The US has offered Russia a prisoner swap deal, in an effort to bring home two jailed Americans, including basketball star Brittney Griner.
The Women's NBA player was arrested at Sheremetyevo Airport in Moscow on 17 February as she made her way back to Russia to play for UMMC Yekaterinburg, during the US Women's National Basketball Association off-season.
Police said they found vape canisters containing cannabis oil in her luggage.
Ms Griner, 31, who has been in custody since then, pleaded guilty to charges that could land her a prison sentence of up to a decade.
But she testified at her drug possession trial that an interpreter translated only a fraction of what was being said while she was detained and that officials told her to sign documents, but "no-one explained any of it to me".
US Secretary of State Antony Blinken said he would raise the matter of both her detention and that of Paul Whelan -arrested in Russia in 2018, and accused of spying – in a call next week with Russia's foreign minister.
Mr Blinken and Sergei Lavrov have not spoken since the war in Ukraine began.
The Secretary of State's comments marked the first time the US government has publicly revealed any concrete action it has taken to secure the release of Ms Griner.
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He described the prisoner swap suggestion as a "substantial proposal" adding: "Our governments have communicated repeatedly and directly on that proposal, and I'll use the conversation to follow up personally and, I hope, to move us toward a resolution."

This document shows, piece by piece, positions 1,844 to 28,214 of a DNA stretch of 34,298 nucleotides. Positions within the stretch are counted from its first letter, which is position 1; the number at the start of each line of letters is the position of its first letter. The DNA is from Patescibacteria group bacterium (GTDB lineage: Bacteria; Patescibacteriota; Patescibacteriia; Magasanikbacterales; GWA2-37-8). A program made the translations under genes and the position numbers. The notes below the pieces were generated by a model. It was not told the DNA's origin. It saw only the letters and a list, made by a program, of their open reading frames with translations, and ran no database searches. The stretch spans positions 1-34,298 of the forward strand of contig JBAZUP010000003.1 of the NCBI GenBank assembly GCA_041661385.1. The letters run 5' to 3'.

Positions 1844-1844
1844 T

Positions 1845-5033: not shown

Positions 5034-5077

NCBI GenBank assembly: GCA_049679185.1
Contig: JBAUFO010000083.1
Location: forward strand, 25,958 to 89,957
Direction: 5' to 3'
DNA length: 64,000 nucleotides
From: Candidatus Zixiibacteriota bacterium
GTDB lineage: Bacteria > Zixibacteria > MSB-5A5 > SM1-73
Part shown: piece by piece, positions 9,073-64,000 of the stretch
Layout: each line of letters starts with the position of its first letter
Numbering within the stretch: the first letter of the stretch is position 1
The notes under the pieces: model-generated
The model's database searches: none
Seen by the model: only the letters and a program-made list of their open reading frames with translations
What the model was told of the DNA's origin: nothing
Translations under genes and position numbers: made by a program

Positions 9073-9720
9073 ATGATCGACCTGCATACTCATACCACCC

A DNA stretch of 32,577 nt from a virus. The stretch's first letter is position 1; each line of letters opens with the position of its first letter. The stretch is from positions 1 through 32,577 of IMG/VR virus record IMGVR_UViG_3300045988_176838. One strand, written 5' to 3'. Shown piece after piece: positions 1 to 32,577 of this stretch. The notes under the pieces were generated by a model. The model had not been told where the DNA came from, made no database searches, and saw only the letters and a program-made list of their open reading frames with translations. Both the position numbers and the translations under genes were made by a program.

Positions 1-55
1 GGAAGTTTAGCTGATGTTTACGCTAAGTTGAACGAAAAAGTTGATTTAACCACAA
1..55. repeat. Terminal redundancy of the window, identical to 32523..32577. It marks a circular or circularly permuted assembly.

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Mr Blinken did not offer details on the proposed deal outlined to the Russians, but US officials suggested it is similar to the prisoner swap that secured the release of marine veteran Trevor Reed in April.
Russia has made no secret of its desire for convicted Russian arms dealer Viktor Bout to be freed from American prison and the officials would not rule out that Bout's release is on the table.
Once labelled the "Merchant of Death," he was sentenced to 25 years in prison in 2012 on charges that he conspired to illegally sell millions of dollars of weapons.
President Joe Biden, who authorised the Reed prisoner swap after meeting with his parents, signed off on the deal being offered in this Griner/Whelan case, officials said.
John Kirby, a White House national security spokesman, said: "The president and his team are willing to take extraordinary steps to bring them home."
Mr Whelan, a former US marine and corporate security executive from Michigan, was sentenced in 2020 to 16 years in prison on espionage charges.
He and his family have vigorously asserted his innocence. The US government has denounced the charges as false.
Ms Griner acknowledged in court she had vape cartridges containing cannabis oil in her luggage when she arrived in Moscow in February but contends she had no criminal intent and packed the cartridges by mistake as she had been in a hurry.